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'The Last Jedi' And The Art Of Hope In 'Star Wars'

Updated on December 24, 2019
Christina St-Jean profile image

I am a mom of two awesome children who teach me more daily than I ever thought possible. I love writing, exercise, movies, & LGBT advocacy.

One Of The Funniest Scenes From 'The Last Jedi'

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Thank You, Rian Johnson, For 'The Last Jedi'

Where to begin with The Last Jedi?

I know it seems a bit backward to be talking about the previous Star Wars film when we are still simmering in the aftermath of The Rise Of Skywalker, but there have been so many conflicting emotions regarding both The Last Jedi and The Rise of Skywalker online that it seemed necessary to take a look at the oft-maligned precursor, Episode VIII.

I loved The Last Jedi. I truly did. Perhaps I felt a little more of an emotional pull toward this film as it was released so shortly after Carrie Fisher had suddenly died. Perhaps I was looking forward to seeing what Luke Skywalker was like so many years after Return Of The Jedi; there's nothing quite like a hero who suddenly feels as though he has somehow failed. I know that Daisy Ridley as Rey was definitely a highlight for me, as I thought she was a perfect fit for the role of the new Jedi in training.

At any rate, I thought The Last Jedi was full of humor and really made our favorite characters actually human. For years, Luke and Leia, in particular, had always been idealized, which is not too hard to do when you're talking about a pair of individuals who have been gifted with Force sensitivity and have saved the galaxy. In The Force Awakens, we saw a Leia who was coping with the fact that her son had chosen the path that her father had originally taken, even though she was determined to work toward his redemption. That's pretty much motherhood defined, isn't it? No matter how badly our kid might screw up, we will always, on one level or another, love them and try to bring them back around to the good kid we once knew. Even though her own son was wreaking havoc on the galaxy, and she was beyond exhausted from the weight of command (once again) and the weight of knowing what her son was doing, she was hopeful that he could be redeemed and that made her seem all the more human.

It's much the same situation with Luke's character. He is Kylo Ren's (aka Ben Solo's) uncle, and even though Luke went through the wringer with the idea that his father Darth Vader was bent on reshaping the galaxy so that all would bow to him, Luke never stopped believing in the good in his father. By the end of Return Of The Jedi, Vader had been redeemed and Luke was once again a hero. However, when his nephew chose the dark path during his own training, Luke had to have felt as though he'd failed not only his sister and his best friend, but he had to have seen what was coming. The Luke we see by the time The Last Jedi starts up is embittered and exhausted and with good reason. His ego has taken a definite hit, and Luke as much acknowledges that in the film. It's good to see our heroes get reminded that they, too, are human, and that's probably one of the best things about The Last Jedi.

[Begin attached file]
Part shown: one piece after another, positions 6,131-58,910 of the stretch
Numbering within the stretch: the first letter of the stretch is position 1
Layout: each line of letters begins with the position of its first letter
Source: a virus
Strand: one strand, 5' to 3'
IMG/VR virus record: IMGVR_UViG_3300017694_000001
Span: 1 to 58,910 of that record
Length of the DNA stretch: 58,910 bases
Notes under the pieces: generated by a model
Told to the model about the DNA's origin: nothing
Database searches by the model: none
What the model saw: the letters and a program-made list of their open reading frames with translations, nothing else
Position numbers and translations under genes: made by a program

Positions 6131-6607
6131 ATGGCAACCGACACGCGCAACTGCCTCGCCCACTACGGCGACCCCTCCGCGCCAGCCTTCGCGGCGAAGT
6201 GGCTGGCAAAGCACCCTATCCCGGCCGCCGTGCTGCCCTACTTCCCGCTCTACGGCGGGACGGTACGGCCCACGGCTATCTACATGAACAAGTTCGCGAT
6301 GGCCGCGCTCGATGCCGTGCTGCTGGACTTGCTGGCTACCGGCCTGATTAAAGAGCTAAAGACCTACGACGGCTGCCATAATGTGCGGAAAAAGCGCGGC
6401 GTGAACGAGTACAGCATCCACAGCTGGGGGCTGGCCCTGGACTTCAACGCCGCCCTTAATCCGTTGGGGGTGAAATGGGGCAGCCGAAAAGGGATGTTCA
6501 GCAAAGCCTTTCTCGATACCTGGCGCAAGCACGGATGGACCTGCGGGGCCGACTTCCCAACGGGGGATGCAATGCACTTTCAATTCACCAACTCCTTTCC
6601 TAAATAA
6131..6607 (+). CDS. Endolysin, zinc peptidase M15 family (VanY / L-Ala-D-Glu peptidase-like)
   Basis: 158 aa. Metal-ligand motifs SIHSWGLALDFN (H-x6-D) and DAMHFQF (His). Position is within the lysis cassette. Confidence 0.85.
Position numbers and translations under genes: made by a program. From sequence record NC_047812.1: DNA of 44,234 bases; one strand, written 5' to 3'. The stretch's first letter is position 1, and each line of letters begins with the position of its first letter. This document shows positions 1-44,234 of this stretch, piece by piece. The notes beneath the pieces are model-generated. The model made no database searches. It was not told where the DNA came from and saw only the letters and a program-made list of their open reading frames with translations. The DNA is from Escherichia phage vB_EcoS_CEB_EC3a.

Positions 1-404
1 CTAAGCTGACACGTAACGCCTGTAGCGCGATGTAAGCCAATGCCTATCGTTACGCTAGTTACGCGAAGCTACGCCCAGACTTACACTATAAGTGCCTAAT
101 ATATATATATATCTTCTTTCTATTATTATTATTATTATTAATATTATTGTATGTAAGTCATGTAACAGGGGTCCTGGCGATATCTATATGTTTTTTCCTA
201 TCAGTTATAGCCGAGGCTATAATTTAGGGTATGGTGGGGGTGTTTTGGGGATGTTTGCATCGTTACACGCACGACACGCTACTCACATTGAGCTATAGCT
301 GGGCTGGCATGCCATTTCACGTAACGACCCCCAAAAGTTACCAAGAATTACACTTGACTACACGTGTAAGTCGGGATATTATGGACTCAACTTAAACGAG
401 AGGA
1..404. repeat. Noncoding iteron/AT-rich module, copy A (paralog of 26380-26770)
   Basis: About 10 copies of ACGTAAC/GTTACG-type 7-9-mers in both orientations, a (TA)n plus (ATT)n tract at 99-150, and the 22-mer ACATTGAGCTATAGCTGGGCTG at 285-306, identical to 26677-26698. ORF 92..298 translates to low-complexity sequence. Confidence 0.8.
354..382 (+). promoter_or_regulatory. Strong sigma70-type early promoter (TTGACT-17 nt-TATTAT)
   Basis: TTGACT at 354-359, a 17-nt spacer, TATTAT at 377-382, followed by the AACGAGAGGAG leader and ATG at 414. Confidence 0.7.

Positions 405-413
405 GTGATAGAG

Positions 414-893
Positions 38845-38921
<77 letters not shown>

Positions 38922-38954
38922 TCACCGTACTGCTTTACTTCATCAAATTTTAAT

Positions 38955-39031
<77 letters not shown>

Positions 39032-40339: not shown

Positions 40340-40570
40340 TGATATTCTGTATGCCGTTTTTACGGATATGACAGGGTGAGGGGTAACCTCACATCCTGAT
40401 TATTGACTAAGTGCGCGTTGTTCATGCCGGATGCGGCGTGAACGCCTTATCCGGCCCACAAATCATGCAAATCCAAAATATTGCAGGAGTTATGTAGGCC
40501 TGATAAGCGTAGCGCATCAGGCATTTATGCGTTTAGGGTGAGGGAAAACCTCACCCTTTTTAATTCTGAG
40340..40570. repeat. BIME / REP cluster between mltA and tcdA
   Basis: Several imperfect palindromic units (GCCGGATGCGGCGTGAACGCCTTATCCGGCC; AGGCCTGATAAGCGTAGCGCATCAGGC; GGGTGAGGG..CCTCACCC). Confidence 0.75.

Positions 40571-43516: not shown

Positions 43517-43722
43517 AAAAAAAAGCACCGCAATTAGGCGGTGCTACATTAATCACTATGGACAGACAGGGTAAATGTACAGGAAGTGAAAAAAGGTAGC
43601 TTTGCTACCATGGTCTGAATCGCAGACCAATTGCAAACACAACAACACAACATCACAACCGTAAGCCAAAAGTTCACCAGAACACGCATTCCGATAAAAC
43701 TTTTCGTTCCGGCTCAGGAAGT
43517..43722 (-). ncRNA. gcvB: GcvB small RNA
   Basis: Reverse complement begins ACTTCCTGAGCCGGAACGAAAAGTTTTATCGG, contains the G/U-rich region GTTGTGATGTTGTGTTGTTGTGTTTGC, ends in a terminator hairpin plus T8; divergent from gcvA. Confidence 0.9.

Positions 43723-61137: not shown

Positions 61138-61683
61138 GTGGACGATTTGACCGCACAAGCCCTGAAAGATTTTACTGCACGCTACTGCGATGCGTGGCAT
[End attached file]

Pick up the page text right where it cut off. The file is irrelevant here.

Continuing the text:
Hope is also a pervasive theme throughout the movie. Luke's hope is shattered by the time Rey gets to him, and he is convinced, in spite of how badly his sister needs his help, that things will only be made worse if he were to get involved in the conflict this time. Rey spends a good lot of her time trying to convince him otherwise and trying to convince him to train her. Seeing her talents reignites his hope, but that's soon dashed when he realizes that she is strongly tempted by the Dark side of the Force as well. As for Leia and the Resistance, they keep holding out hope that everything will work out in their favor until it almost looks to be too late. By the end of The Last Jedi, Leia turns to Rey, who is concerned about how the Resistance will defeat the First Order, particularly after the lightsaber she'd been using had been destroyed. "We have everything we need," Leia assures her.

Hope is something of a lost art in films lately, but it's a theme which the Star Wars franchise specializes in. Yes, The Last Jedi is a dark film that throws the entire future of the galaxy into question, but it also a film full of humor and hope even in the direst of circumstances.

So, in spite of what some might say about the film, it's important to recognize The Last Jedi for some of the most heartwrenching and heartwarming scenes in the Star Wars franchise, and for reminding us about why hope is so very important, even in the darkest times. Thank you, Rian Johnson, for that.

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